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Belgrade - Serbia will step up efforts to win accession to the European Union and seek regional reconciliation, the new president said on Friday, aiming to improve his image which has been tainted by controversial policies and remarks.
Shortly after his surprise election victory last month Tomislav Nikolic, a former ultra-nationalist, sparked anger in the Balkans by denying the genocide of 8,000 Bosnian Muslims by Bosnian Serb forces at Srebrenica.
He also said the Croatian border town of Vukovar, reduced to rubble during a siege by Serb forces in 1991, “was a Serb town”.
His remarks prompted the leaders of most ex-Yugoslav republics, which are still coming to terms with bloody wars that led to the disintegration of the former Yugoslavia, as well as Albania to stay away from his inauguration last week.
Mistrust towards Nikolic was demonstrated at the two-day Belgrade meeting of the South East European Cooperation Process (SEECP), a 12-country regional body, which started on Thursday.
Slovenia's president did not attend, Croatia and Albania sent only assistant foreign ministers, while Bosnia sent a Serb member of its tripartite presidency, instead of the Muslim chairman of the body.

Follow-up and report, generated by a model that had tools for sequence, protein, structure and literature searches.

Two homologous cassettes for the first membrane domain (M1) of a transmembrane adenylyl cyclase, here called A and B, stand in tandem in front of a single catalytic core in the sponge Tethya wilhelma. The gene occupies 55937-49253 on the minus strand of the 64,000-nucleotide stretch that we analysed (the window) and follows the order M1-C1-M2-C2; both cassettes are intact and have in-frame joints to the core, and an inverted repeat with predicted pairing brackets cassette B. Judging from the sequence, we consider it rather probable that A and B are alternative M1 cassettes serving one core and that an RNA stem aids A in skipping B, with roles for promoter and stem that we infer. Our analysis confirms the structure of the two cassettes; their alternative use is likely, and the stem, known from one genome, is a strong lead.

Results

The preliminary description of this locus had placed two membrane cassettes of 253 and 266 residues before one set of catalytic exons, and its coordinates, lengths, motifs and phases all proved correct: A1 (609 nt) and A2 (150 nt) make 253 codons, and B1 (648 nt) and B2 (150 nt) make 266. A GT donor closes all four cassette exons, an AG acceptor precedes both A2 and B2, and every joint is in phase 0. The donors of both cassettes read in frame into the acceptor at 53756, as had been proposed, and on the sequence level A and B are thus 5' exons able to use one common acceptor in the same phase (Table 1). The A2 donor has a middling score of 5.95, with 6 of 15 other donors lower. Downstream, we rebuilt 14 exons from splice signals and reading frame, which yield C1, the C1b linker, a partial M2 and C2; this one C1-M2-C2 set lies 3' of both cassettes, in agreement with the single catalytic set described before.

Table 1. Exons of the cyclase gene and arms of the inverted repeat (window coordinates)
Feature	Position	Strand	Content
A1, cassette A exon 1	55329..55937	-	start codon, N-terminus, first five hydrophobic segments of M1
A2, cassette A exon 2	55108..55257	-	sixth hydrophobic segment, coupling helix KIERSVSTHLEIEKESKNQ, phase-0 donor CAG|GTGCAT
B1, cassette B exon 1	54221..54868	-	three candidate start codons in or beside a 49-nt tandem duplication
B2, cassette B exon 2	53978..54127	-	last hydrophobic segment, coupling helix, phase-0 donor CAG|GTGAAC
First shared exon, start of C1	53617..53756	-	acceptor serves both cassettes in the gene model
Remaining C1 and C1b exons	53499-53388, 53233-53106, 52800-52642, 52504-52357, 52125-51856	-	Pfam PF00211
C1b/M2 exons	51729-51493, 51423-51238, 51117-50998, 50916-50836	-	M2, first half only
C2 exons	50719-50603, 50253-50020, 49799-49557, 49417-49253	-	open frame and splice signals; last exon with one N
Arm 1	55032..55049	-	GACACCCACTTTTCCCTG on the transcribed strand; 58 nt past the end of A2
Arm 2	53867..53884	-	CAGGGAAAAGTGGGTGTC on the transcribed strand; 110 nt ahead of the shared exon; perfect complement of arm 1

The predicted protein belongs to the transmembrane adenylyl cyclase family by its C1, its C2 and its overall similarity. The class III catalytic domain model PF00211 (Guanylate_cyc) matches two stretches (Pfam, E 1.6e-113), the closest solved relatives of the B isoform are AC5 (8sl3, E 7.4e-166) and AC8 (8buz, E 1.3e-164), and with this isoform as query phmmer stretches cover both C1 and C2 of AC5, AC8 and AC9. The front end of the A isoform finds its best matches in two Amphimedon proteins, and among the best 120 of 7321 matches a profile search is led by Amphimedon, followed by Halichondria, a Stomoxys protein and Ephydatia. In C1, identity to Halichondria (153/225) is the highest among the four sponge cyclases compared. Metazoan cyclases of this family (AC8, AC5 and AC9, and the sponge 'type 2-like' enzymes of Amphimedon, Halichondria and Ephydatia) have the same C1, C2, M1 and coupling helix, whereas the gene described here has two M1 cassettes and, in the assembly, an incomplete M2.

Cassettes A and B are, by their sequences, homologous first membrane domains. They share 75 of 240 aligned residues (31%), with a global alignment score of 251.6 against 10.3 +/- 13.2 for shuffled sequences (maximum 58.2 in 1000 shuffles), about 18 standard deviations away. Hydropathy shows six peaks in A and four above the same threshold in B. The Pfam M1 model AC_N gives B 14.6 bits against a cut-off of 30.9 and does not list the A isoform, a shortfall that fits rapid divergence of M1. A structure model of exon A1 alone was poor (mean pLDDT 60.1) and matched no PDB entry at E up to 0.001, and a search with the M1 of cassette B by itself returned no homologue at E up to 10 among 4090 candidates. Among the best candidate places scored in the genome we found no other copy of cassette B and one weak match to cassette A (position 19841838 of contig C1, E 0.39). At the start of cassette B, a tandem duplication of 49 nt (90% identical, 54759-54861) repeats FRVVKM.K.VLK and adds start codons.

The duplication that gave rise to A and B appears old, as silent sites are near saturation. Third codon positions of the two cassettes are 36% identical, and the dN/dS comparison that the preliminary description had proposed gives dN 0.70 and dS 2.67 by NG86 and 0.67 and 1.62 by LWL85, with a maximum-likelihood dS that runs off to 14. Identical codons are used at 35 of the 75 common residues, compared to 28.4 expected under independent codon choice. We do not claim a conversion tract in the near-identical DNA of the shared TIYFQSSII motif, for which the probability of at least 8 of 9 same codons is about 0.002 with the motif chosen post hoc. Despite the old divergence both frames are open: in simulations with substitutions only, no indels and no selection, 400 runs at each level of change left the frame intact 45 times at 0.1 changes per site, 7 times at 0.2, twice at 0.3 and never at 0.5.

In an address to the SEECP on Friday Nikolic, who was once allied with late strongman Slobodan Milosevic, attempted to strike a diplomatic note, saying Serbia would try to reconcile with Bosnia and Croatia.
“I expect the beginning of our cooperation after the end of initial disorientation,” he said.
“On my part I will strive to ensure the continuity of this policy because it represents one of the strategic goals of my country's foreign policy,” Nikolic said.
Serbia will also be “promoting, reforming and altering the systems that hinder its development and prosperity” to speed up its EU bid, Nikolic said.
When Serbia secured its EU candidacy in March, the European Commission warned it had to improve it legal system and business climate, and curb corruption before accession talks could start.
Nikolic said Serbia would also make more efforts to mend ties with Kosovo but that it would never recognise as a country the region that seceded from Serbia in 2008.
Belgrade and Pristina have already struck deals on travel documents and car licence plates, but occasional flare-ups persist.
The SEECP meeting ended without a joint declaration as Serbia and Albania disagreed over the possible inclusion and representation of Kosovo in the SEECP.
Since 2008 Kosovo has been recognised by 90 states including the United States and 22 out of 27 EU members.
The SEECP, consisting of Albania, Bosnia, Bulgaria, Greece, Montenegro, Macedonia, Croatia, Romania, Moldova, Serbia, Slovenia and Turkey, was set up in 1996 to promote members' EU integration.
Bulgaria, Greece, Romania and Slovenia are EU members, while Croatia will formally join the bloc in 2013. Other countries aspire to join, and Montenegro is expected to secure a date for accession talks this month. - Reuters